“Very, very likely” that UK will have to start trading with the EU on World Trade Organization terms from 1 January, says PM Boris Johnson.
Boris Johnson said the end of the transition period will likely happen without a Brexit deal.
On a visit to Blyth in Northumberland, he said the government is hopeful, and that negotiations in Brussels are still continuing.
‘And if there is a big offer, a big change in what they are saying then I must say that I’ve yet to see it,’ he added.
The Prime Minister said he was “hopeful” that progress could be made in talks but stressed that the two sides remained stuck on fisheries and the so-called level-playing field.
His comments came after European Commission president Ursula von der Leyen said the negotiating teams’ positions remained apart on “fundamental issues”.
The two leaders have agreed to make a decision on the future of the negotiations by the end of the weekend.
Speaking to reporters on a visit to Blyth in Northumberland, Mr Johnson said: “Unfortunately at the moment, as you know, there are two key things where we just can’t seem to make progress.
“And that’s this kind of ratchet clause they’ve got in to keep the UK locked in to whatever they want to do in terms of legislation, which obviously doesn’t work.
“And then there is the whole issue of fish where we’ve got to be able to take back control of our waters. So there is a way to go – we’re hopeful that progress can be made.
“Exactly what we want from January”
“But I’ve got to tell that from where I stand now, here in Blyth, it is looking very, very likely that we will have to go for a solution that I think would be wonderful for the UK, and we’d be able to do exactly what we want from January.
“It obviously would be different from what we’d set out to achieve but I have no doubt this country can get ready and, as I say, come out on World Trade terms.”
Earlier Mrs von der Leyen said the UK would be free to decide whether to follow suit each time the EU changes its regulations – though if it refused the bloc would adapt the conditions for access to its markets.
The level-playing field measures aimed at preventing the UK undercutting the EU on standards and state subsidies have proved a major stumbling block in the talks throughout.
On fisheries, the Commission president said the UK and EU have “not yet found the solutions to bridge our differences” and urged the Government to “understand the legitimate expectations of EU fishing fleets built on decades, and sometimes centuries, of access”.
“On these and other points, our negotiators are working. We will decide on Sunday whether we have the conditions for an agreement or not.”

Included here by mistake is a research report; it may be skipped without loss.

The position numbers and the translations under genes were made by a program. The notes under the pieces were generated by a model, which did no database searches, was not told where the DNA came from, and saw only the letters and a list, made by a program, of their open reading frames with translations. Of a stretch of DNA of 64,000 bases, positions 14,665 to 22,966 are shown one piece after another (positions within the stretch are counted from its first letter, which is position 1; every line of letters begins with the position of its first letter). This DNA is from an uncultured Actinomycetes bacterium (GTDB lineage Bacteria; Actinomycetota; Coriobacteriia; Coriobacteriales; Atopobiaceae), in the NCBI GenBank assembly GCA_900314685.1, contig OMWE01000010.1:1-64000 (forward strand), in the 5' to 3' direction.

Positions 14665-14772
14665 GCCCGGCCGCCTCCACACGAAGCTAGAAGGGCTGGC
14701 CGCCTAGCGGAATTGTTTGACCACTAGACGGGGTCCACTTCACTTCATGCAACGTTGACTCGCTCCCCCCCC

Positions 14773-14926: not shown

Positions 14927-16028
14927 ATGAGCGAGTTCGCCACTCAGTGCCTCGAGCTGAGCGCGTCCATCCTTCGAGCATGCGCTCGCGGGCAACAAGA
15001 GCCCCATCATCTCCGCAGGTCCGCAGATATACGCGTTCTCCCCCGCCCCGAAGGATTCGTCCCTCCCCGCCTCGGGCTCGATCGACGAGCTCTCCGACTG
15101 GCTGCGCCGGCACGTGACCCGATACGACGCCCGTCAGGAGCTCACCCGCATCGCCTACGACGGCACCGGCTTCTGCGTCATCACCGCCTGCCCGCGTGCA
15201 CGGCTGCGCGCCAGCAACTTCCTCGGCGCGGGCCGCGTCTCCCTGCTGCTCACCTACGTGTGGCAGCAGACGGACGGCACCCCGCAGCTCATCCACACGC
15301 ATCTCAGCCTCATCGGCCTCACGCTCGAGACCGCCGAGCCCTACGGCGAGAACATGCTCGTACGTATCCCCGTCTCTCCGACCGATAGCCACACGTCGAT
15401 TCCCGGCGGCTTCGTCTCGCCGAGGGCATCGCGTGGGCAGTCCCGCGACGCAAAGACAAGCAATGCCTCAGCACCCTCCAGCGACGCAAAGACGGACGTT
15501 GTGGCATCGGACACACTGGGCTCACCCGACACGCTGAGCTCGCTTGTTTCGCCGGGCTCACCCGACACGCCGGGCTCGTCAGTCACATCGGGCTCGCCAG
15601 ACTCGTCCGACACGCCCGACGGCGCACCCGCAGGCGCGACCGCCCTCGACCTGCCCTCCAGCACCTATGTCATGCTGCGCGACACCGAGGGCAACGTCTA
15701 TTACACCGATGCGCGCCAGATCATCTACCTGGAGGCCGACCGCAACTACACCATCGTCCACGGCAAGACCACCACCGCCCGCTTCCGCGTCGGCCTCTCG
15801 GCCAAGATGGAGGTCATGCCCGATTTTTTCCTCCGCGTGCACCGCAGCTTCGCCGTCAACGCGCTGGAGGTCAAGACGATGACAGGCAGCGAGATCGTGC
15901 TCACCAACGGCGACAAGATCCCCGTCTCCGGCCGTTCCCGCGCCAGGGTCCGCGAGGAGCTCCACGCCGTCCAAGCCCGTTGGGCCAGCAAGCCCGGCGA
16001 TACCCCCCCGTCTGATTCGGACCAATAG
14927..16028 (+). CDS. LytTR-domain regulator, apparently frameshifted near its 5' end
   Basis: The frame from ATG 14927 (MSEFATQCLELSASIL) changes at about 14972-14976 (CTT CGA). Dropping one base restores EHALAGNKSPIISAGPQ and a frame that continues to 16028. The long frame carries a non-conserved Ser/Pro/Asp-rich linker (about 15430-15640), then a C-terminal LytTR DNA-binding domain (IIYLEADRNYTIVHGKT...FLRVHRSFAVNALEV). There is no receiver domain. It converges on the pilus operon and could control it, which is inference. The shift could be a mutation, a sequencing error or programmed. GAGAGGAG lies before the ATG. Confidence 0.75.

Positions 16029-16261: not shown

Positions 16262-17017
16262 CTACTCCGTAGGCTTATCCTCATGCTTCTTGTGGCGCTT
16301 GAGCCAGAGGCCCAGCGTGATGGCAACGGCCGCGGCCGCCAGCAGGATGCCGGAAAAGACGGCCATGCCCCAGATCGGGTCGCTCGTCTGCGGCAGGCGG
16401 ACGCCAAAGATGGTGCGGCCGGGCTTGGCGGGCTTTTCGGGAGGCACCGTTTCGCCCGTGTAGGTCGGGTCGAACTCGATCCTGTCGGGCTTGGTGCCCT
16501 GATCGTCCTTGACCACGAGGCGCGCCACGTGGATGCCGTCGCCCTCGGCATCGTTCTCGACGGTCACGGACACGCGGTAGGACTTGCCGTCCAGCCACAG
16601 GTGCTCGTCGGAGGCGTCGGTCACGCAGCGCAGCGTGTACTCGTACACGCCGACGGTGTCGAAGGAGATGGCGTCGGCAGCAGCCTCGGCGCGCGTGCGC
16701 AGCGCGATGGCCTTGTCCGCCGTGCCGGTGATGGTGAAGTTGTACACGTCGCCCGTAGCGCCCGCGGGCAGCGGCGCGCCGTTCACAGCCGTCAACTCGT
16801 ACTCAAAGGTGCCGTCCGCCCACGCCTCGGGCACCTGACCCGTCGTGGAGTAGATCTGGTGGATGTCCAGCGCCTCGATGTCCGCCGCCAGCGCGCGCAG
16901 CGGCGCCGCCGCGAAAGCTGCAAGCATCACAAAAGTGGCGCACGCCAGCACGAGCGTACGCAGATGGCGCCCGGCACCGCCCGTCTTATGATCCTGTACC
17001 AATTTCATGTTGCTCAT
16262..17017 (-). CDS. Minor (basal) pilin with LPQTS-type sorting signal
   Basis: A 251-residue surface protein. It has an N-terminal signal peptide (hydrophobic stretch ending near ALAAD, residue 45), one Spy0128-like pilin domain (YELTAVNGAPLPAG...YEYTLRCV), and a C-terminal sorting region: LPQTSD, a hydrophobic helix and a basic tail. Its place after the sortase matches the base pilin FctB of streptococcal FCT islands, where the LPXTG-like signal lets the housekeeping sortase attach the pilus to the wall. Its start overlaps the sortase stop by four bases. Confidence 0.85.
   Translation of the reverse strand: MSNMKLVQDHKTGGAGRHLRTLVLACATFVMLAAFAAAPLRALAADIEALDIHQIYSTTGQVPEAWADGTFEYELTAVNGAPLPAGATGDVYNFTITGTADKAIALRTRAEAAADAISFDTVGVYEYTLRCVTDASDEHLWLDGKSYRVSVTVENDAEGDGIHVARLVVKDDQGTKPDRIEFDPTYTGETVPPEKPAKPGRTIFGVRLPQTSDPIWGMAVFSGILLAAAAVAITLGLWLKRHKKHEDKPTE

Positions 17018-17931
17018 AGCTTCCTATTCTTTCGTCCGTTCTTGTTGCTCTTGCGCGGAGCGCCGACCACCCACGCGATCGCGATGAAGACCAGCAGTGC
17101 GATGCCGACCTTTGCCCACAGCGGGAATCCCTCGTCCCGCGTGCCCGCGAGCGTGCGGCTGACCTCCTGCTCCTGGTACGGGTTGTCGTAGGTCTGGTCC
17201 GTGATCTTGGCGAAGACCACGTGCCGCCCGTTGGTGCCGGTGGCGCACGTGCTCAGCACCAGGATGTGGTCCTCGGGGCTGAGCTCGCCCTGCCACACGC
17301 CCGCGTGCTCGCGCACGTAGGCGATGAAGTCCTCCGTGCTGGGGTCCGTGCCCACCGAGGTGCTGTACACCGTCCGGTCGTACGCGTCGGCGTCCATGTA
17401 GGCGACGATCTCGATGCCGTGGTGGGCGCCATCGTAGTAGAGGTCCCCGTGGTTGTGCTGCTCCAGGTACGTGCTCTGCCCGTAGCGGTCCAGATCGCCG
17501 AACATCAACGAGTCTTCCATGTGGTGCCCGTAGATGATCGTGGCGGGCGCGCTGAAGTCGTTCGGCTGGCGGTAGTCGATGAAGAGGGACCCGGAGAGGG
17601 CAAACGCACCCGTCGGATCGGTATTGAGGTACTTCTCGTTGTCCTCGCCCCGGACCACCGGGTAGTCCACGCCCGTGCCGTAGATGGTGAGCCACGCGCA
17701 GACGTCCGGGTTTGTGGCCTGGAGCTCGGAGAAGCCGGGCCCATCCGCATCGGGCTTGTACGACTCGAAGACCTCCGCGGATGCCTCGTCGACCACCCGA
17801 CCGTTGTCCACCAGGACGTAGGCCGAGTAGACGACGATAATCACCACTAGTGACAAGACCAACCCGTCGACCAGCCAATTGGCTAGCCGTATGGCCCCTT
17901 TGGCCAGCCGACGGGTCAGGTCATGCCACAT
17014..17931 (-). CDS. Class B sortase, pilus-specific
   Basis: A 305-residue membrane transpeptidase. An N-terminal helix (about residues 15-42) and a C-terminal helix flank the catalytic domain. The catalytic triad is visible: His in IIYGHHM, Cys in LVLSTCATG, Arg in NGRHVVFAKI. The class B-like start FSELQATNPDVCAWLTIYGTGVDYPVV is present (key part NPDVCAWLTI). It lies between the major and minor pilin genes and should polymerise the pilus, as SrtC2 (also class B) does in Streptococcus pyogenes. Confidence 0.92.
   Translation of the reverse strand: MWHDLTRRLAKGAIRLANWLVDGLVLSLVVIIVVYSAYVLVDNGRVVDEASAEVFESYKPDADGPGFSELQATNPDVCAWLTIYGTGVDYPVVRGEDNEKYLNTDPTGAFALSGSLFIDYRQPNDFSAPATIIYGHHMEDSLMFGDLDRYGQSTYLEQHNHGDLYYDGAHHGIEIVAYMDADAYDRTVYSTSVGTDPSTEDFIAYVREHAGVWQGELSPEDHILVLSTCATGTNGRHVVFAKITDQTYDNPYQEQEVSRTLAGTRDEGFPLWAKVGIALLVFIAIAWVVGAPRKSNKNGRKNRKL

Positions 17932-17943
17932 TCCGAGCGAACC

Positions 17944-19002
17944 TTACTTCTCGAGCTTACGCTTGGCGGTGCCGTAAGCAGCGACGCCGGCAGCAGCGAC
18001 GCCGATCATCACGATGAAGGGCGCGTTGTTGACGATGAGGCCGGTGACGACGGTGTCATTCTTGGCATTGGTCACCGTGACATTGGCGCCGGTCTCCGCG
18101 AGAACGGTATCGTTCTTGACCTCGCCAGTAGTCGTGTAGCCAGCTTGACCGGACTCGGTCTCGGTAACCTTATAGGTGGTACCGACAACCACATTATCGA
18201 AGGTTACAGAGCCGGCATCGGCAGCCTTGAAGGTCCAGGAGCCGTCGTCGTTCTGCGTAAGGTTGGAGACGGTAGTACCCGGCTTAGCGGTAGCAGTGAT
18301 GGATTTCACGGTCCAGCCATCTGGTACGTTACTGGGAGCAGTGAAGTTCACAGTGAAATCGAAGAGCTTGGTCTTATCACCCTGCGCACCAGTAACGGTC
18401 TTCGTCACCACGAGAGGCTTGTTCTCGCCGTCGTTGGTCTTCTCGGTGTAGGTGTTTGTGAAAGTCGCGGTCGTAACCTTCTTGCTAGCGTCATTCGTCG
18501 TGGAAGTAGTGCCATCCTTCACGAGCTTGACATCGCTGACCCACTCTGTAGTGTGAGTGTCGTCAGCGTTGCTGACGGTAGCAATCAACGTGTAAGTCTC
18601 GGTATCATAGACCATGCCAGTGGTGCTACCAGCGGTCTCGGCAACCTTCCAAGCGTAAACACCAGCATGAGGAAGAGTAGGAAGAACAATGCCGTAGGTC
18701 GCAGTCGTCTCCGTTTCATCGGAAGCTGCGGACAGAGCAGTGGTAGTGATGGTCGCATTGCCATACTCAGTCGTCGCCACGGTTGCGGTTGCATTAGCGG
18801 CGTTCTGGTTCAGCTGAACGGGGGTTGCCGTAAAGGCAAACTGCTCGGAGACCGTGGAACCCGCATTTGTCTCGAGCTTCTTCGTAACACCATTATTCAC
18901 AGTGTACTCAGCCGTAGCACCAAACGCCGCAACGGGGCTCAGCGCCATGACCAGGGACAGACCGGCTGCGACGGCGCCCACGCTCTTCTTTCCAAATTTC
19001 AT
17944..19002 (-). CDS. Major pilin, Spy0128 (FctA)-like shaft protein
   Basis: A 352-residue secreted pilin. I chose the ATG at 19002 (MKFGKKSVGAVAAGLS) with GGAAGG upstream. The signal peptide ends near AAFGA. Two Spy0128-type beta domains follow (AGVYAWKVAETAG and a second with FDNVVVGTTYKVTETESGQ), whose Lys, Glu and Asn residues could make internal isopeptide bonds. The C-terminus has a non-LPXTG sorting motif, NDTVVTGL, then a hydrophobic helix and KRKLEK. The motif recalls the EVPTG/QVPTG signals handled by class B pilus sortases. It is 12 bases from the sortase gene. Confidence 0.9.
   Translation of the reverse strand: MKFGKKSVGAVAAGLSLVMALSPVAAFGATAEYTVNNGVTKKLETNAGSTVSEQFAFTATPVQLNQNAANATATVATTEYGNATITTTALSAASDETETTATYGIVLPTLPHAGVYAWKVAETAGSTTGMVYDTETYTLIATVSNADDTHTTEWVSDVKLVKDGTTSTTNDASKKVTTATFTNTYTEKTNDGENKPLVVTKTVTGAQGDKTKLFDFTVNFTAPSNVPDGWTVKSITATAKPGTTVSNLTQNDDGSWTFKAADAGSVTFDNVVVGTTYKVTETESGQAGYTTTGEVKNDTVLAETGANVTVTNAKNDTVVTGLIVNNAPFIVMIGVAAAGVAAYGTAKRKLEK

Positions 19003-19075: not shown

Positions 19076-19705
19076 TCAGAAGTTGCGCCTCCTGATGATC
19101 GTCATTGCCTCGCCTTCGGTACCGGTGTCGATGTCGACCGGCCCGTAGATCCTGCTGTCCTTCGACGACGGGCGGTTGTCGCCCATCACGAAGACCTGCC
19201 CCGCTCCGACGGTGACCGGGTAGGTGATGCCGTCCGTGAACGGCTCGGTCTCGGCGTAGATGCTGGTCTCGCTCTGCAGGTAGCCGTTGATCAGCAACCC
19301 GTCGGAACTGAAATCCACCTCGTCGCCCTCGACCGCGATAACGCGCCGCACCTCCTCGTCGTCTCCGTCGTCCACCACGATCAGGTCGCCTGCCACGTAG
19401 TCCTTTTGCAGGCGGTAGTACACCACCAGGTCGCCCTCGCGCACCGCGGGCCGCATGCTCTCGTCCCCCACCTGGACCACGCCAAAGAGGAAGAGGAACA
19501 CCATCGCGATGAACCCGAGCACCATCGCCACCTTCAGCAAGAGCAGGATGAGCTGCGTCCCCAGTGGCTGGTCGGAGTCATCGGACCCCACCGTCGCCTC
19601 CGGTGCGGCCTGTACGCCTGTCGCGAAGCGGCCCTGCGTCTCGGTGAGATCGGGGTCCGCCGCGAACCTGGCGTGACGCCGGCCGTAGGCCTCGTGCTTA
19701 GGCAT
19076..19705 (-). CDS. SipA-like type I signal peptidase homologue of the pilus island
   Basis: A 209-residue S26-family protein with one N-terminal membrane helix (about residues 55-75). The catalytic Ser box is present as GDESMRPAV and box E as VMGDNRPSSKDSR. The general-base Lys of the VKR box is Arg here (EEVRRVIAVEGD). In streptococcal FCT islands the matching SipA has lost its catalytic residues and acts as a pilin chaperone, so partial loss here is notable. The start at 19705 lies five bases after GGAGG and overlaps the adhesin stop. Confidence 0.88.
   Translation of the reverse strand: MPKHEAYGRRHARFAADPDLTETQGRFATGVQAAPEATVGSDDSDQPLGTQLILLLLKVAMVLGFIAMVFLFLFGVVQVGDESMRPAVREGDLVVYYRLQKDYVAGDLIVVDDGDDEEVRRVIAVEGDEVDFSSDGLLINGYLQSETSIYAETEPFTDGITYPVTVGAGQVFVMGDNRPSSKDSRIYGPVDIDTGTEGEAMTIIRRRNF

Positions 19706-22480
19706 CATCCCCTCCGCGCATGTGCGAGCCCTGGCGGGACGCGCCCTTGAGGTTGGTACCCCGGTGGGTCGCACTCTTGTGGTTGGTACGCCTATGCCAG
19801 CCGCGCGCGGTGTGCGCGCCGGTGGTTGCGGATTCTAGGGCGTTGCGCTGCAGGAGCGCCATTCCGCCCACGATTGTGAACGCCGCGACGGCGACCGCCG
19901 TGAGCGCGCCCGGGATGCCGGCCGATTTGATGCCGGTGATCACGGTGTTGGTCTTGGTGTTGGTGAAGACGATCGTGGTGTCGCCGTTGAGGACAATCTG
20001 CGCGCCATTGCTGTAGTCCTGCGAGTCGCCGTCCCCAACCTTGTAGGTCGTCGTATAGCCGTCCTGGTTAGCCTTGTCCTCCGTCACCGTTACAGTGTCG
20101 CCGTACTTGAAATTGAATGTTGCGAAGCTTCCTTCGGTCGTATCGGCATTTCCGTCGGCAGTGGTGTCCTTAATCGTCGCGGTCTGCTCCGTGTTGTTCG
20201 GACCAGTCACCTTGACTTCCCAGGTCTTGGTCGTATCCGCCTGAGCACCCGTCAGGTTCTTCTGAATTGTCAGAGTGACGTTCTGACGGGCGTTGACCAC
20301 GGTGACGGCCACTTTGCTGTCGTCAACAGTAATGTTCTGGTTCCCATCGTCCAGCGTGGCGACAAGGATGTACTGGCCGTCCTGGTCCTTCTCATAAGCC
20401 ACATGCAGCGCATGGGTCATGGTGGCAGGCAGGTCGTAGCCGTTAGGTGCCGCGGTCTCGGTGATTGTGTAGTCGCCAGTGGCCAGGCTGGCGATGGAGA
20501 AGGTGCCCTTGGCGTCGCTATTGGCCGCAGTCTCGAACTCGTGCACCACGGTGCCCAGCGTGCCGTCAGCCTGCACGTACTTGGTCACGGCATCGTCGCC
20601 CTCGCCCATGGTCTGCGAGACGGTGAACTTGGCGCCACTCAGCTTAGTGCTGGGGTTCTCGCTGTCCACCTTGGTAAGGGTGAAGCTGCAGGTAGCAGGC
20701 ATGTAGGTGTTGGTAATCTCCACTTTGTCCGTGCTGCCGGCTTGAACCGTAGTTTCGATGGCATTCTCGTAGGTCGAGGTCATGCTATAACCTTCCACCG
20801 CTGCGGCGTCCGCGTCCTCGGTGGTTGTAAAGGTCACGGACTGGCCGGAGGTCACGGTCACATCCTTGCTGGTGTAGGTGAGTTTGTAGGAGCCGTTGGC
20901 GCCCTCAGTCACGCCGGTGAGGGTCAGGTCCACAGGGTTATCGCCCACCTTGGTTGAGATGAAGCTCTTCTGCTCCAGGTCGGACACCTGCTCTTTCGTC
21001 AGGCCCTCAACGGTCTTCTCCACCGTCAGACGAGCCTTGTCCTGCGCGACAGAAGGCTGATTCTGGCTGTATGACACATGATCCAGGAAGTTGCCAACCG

She added: “One way or the other, in less than three weeks it will be new beginnings for old friends.”
French president Emmanuel Macron meanwhile insisted he was not demanding to “have my cake and eat it” in response to a question on the EU’s proposals that the bloc’s fishermen would be able to continue to access UK waters for a year in a no-deal.
Chief negotiators Michel Barnier and Lord Frost are continuing talks in Brussels after Mr Johnson and Mrs von der Leyen agreed at a dinner on Wednesday to resume negotiations ahead of a decision on the future of talks this weekend.
Downing Street declined to deny reports that Mr Johnson had requested calls with the leaders of France and Germany but was rejected, after he said he would be willing to return to Brussels – or head to Paris or Berlin – to get a deal over the line.
The Prime Minister also said on Thursday that the Cabinet should “get on and make those preparations” for a departure on terms like Australia’s, which does not have a trade deal with Europe, unlike Canada.
But Malcolm Turnbull, who was Australia’s prime minister until 2018, said Mr Johnson should be “careful what you wish for” as Australia’s relationship with the EU is “not one from a trade point of view that I think Britain would want, frankly”.
Culture Secretary Oliver Dowden defended the Government’s description of a no-deal exit as trading on Australian-style terms, insisting ministers were not “taking people for a ride”.
He told BBC Radio 4’s Today programme: “I don’t think it is taking people for a ride to take a major economy that is relatively similar to the United Kingdom and compare the trading relationship.
“I don’t dispute that there will be challenges in relation to having an Australia-style relationship – by the way, it’s worth saying those challenges apply to both sides, that’s why it is so much in the interests of both sides to reach that deal, we are 90% of the way there.
“But we can’t, as Labour appear to be suggesting… accept it at any price.”
The British Retail Consortium has warned that supermarkets and their shoppers would be hit with a £3.1 billion annual “tariff bombshell” without a deal, with 85% of foods imported from the EU expected to face tariffs exceeding 5%.
However, Mr Dowden said most price rises would be 2%, and warned that EU countries would also be affected by a no-deal.
The pound continued to fall on Friday as traders’ fears of a no-deal Brexit intensified.
Against the dollar it hit a three-week low of 1.323 on Friday, down 0.5%. Against the euro it fell to an 11-week low at 1.091, down 0.4%.
Typically the FTSE 100 would rise on a weak pound but it too was down 0.5% within an hour of opening.
Ayush Ansal, chief investment officer at the hedge fund Crimson Black Capital, said: “With a no-deal departure from the EU now arguably odds-on, the UK is heading for the worst possible outcome at the worst possible time.”
He added: “Some market watchers are even suggesting the pound could fall to parity with the dollar in the event of no-deal, which would be a symbolic coup de grace for sterling.”
Source: The London Economics